Sharing a few images of these two paintings that I look back on with pride. They were both painted from life and make me happy. I have strong memories associated with both which also makes them special to me. I don't think there's a magic formula for always making a "good" painting, but I know it's important to paint from life, to paint sincerely and to enjoy the process.
I went to Blicks today to pick up some supplies and decided to test out some of the Arches rough grain watercolor paper. I had been using the green covered, fine grain paper previously.
Both papers are cold pressed so they both have a certain amount of tooth. The fine grain is noticeable smoother, but there's not a huge difference between the fine grain and the rough grain. I set up outside to do quick light and shadow study and found that the rough tooth really works well for capturing a quick effect of the light and color. I wouldn't recommend using the rough grain if you're a more detailed painter, but this rough paper works very well for me. I also found that it's not as rough as the Winsor & Newton watercolor paper.
Gotta keep painting while the weather's still fairly nice; once it gets colder out, the watercolor freezes while you're trying to paint.
I had my weekly Ridgewood Community School watercolor class tonight and wanted to share my demo and a lesson on brushstroke economy.
Today's lesson was focused on John Singer Sargent. I've studied a lot about Sargent and I'm always impressed with how efficiently he worked. We talked in class tonight about midtones (also called halftones) and we discussed the idea of brushstroke economy. Sargent was a master of midtones and he wrote "You must classify the values...If you begin with the middle-tone and work up to the lights and down towards the darks -- so that you deal last with your highest lights and darkest darks -- you avoid false accents."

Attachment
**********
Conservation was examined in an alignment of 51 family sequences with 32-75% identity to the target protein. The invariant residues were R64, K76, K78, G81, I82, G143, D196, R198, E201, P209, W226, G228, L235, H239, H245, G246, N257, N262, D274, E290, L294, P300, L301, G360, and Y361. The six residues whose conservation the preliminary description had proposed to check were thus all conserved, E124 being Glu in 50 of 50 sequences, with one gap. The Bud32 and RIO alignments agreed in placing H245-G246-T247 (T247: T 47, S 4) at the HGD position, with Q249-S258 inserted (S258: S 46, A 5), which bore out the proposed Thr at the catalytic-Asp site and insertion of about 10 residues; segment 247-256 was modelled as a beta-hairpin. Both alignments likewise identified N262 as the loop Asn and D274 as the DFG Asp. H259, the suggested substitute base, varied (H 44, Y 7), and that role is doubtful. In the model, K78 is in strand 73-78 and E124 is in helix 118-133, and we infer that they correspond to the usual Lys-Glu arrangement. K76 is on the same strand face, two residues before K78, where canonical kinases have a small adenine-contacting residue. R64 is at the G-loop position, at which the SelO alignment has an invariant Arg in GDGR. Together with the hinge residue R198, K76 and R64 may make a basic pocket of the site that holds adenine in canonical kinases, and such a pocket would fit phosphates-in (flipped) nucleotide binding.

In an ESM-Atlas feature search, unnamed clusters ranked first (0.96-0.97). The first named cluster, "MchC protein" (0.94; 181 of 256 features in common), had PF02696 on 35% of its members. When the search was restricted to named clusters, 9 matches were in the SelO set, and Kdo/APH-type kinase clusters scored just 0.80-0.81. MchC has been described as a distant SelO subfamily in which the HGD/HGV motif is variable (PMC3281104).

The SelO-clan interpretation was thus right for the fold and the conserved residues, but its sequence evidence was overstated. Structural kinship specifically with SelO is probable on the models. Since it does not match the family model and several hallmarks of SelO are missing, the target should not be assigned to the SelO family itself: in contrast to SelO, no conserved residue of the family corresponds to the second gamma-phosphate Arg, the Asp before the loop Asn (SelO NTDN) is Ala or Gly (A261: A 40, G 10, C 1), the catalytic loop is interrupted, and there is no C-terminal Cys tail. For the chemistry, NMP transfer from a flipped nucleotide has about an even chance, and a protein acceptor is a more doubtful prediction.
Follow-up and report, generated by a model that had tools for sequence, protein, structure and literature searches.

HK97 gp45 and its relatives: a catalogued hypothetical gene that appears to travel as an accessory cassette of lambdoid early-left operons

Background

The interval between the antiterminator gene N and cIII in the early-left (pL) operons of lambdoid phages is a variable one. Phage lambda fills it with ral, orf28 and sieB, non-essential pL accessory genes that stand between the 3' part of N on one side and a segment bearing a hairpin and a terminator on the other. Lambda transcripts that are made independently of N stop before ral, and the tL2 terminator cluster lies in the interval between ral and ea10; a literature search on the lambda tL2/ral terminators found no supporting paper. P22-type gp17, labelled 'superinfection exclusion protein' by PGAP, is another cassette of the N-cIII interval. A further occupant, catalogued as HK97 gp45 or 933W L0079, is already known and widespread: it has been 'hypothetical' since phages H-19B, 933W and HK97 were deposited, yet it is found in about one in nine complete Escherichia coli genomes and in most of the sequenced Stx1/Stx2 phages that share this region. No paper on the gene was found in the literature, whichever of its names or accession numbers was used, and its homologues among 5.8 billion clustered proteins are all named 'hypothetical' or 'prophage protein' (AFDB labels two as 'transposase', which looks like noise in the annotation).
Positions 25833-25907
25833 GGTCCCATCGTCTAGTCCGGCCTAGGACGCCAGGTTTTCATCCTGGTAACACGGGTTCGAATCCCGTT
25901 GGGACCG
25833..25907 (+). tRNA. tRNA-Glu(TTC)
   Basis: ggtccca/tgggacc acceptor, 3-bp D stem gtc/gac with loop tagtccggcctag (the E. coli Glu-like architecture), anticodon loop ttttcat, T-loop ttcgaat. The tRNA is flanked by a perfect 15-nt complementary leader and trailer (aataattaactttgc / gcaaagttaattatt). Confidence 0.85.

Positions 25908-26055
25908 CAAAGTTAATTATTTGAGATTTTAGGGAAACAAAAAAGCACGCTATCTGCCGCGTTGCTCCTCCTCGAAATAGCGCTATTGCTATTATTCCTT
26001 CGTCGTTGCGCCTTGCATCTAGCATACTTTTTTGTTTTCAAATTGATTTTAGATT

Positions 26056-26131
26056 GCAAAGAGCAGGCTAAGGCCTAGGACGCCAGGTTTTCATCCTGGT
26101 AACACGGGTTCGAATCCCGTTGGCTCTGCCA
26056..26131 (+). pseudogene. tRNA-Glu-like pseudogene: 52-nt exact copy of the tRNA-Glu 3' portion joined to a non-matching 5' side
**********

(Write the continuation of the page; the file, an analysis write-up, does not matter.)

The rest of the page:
Now to discuss brushstroke economy; I think this is one of the most important lessons in all of painting, but especially for watercolor painting. I first learned about this idea in college in a class with Patrick Connors. I loved Professor Connors' class because he emphasized traditional techniques. He told us about Frans Hals (1582 - 1666) and how he would lay down a brushstroke and leave it. This lesson was taught to Sargent by his teacher, Carolus Duran (1837 - 1917) as well. This goes well with midtones because you can lay down a broad midtone and then start sculpting the form with singular brushstrokes au premier coup (on the first try).
A lot of translations of au premier coup that I've seen have related it to alla prima, but they're different according to what I've read in the book, The Painter in Oil by Daniel Burleigh Parkhurst. Parkhurst writes that au premier coup means to lay down a brushstroke and then leave it and to build up the brushstrokes in a mosaic fashion. Alla prima only means that the painting is completed in a single sitting, but au premier coup isn't necessarily in one sitting.
That's my lesson for today, have a good week everyone.
I'm so excited to announce that one of my classes at Pushing Colored Dirt begins tonight at 7PM. Our classes are online and are taught via Zoom. My class tonight is Watercolor for Beginners, but I'm also teaching Pet Portraits for Beginners which begins this Friday, July 31st and you can still sign up for it.
Also, you guys should sign up for our PCD newsletter. I'll be sending out news, information about classes, some cool art history facts, quotes and general advice about art making. You can sign up by visiting our PCD homepage and scrolling down to subscribe.
I know I haven't written on this personal blog in a while, but I did write a long blog post over at PCD that you should check out. I wrote it about inspiration, influences and idol worship. If you ever feel lost as an artist (or person in general) give it a read and I'd love to hear your thoughts.
Have a wonderful week everyone, much love.